I approached the bench, “Hi Joy, did Matches tell you that he and I were panhandling together yesterday?

Matches turned to Joy and said, “Yes, we went to ‘my office’.

“Matches,” said Joy, “do you mind turning your head in the other direction, Your breath is foul. It smells like you’ve been chewing on a dirty sock all night. You really should consider brushing your teeth once in a while.”

“Okay, If you say so, Joy, I’ll turn my head.” He laughed.

“It’s not funny, Matches, you should start taking care of yourself, and change your clothes.” Matches got up and sat next to his daughter Fran. Before long he was laying back on the grass.

“Dad!” said Fran, “don’t go to sleep here!”

“How’s everything, Joy? Are there still a lot of people staying at Chuck’s?”

“Jeff is moving out today. Scottish Bruce signed himself into prison Wednesday morning. He and Inuk have been together three years and she didn’t even come home to spend their last night together. She owes Chuck money. She saw him Wednesday and didn’t mention anything about paying him back. She said she’s coming over tonight, but Chuck may have something to say about that.

“V is going as well. Carl is trying to sell him. He’s a biter. I reached under the bed to get my bottle of water and he chomped on my hand. I didn’t even know that he was under there. With my free hand I punched him right between the eyes.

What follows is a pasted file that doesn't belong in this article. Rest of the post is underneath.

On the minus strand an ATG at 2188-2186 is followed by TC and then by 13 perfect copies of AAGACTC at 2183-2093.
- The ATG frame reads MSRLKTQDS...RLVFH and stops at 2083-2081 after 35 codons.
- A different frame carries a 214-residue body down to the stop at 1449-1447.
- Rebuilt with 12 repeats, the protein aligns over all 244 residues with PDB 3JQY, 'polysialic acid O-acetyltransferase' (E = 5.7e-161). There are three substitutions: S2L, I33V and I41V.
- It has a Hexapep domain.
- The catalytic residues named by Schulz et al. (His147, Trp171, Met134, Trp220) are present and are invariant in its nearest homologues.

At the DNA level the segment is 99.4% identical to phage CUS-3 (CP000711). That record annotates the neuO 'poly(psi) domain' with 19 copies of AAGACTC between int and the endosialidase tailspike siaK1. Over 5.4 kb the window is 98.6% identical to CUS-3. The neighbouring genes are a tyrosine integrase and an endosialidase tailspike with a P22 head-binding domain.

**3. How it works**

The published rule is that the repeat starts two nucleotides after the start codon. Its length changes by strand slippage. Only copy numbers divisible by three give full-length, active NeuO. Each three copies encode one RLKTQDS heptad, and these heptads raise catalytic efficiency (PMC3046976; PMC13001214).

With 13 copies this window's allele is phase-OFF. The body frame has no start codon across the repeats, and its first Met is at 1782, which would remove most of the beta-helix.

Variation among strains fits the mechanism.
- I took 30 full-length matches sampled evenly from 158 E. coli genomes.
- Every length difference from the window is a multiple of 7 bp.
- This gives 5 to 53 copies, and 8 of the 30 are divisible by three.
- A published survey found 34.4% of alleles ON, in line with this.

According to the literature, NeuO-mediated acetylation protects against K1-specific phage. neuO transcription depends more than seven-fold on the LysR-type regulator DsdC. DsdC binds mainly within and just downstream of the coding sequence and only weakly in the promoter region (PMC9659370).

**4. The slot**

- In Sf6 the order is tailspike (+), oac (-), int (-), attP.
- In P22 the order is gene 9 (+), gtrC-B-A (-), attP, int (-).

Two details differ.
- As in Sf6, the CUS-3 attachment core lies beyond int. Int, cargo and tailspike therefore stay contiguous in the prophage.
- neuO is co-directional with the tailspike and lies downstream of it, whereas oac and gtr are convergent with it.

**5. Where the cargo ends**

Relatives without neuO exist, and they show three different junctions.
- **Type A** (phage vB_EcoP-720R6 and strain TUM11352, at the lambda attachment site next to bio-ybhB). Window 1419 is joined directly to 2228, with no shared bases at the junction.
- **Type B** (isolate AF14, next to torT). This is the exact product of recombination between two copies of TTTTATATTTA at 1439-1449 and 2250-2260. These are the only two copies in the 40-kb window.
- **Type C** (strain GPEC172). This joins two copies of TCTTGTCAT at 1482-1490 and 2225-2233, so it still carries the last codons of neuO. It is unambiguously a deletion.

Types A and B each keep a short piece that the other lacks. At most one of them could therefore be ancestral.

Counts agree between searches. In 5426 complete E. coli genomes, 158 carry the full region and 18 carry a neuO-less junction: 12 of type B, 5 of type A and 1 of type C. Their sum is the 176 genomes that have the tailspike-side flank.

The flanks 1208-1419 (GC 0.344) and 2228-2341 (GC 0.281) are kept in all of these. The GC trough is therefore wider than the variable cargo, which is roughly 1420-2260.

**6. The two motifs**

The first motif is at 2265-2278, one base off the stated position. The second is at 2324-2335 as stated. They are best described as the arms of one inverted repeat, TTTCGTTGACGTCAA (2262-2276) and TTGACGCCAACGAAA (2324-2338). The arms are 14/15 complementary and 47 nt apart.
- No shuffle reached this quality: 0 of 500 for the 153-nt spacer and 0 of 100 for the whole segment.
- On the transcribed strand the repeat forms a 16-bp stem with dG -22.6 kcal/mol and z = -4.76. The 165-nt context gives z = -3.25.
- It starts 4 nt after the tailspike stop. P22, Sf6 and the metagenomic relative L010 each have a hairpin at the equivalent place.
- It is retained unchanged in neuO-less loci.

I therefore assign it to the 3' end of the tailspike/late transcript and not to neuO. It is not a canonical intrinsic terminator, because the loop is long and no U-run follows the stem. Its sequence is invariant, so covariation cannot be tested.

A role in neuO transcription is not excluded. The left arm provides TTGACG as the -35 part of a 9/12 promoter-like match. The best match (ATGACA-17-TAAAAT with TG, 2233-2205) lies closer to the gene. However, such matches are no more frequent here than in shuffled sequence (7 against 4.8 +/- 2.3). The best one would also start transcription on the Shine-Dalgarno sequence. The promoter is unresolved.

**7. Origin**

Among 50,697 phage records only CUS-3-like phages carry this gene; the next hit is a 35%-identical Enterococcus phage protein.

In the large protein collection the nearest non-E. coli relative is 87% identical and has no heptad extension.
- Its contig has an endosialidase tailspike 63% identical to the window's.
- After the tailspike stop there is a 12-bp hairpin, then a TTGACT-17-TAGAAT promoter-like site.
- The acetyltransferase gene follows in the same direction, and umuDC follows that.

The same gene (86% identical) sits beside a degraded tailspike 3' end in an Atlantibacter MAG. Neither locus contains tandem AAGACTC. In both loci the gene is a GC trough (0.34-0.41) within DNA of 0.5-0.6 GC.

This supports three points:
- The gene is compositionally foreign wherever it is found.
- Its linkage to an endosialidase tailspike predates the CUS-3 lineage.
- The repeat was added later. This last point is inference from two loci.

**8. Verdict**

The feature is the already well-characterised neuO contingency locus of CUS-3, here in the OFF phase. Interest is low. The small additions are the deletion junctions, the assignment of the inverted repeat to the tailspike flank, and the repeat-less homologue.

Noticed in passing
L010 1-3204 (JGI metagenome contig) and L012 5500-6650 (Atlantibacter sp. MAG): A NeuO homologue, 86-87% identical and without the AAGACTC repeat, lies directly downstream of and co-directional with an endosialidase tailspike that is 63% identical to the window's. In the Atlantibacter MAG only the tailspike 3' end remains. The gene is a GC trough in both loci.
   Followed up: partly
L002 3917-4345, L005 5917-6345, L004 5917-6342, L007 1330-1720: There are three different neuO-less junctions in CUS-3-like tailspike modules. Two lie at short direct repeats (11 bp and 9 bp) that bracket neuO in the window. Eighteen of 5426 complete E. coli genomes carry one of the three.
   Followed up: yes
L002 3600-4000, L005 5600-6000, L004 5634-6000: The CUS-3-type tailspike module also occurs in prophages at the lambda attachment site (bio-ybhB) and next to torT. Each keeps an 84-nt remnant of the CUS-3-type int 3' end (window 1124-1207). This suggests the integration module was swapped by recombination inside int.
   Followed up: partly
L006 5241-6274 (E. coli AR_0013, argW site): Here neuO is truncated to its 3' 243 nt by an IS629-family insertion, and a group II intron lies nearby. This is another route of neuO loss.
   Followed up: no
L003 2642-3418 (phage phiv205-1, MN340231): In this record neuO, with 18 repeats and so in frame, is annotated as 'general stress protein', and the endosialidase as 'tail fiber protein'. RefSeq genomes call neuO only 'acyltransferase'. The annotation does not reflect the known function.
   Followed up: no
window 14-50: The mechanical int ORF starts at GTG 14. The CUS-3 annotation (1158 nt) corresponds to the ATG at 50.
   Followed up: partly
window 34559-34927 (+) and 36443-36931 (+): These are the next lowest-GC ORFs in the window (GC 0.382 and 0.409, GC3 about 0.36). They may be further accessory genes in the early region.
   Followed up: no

“Barry, what was V’s name before Toothess got him?”

“Star,” said Barry.

“When I get home I’ll see if he responds to that. He doesn’t pay attention to anything else, especially V. I think that dog has been abused. He’s only six months old. He shouldn’t be vicious like that if he had been well treated. Chuck doesn’t have the patience for him anyway.

“He was talking to some guy yesterday from Kanata. Chuck is asking $100. If the guy is at all interested, but can’t afford the price, I think he should drop it to $50. It would be nice if the dog could go there. He needs fields and a place to run.

“You’d better be careful spending time with Andre  and Matches. That’s a sure way to get into trouble.”

“I’ll be careful. Joy.”

“So, this weekend Chuck and I may have the place all to ourselves.

“I have to go to court next week about my breach, but my lawyer says it will be thrown out. I have all the medical records showing that I was in hospital.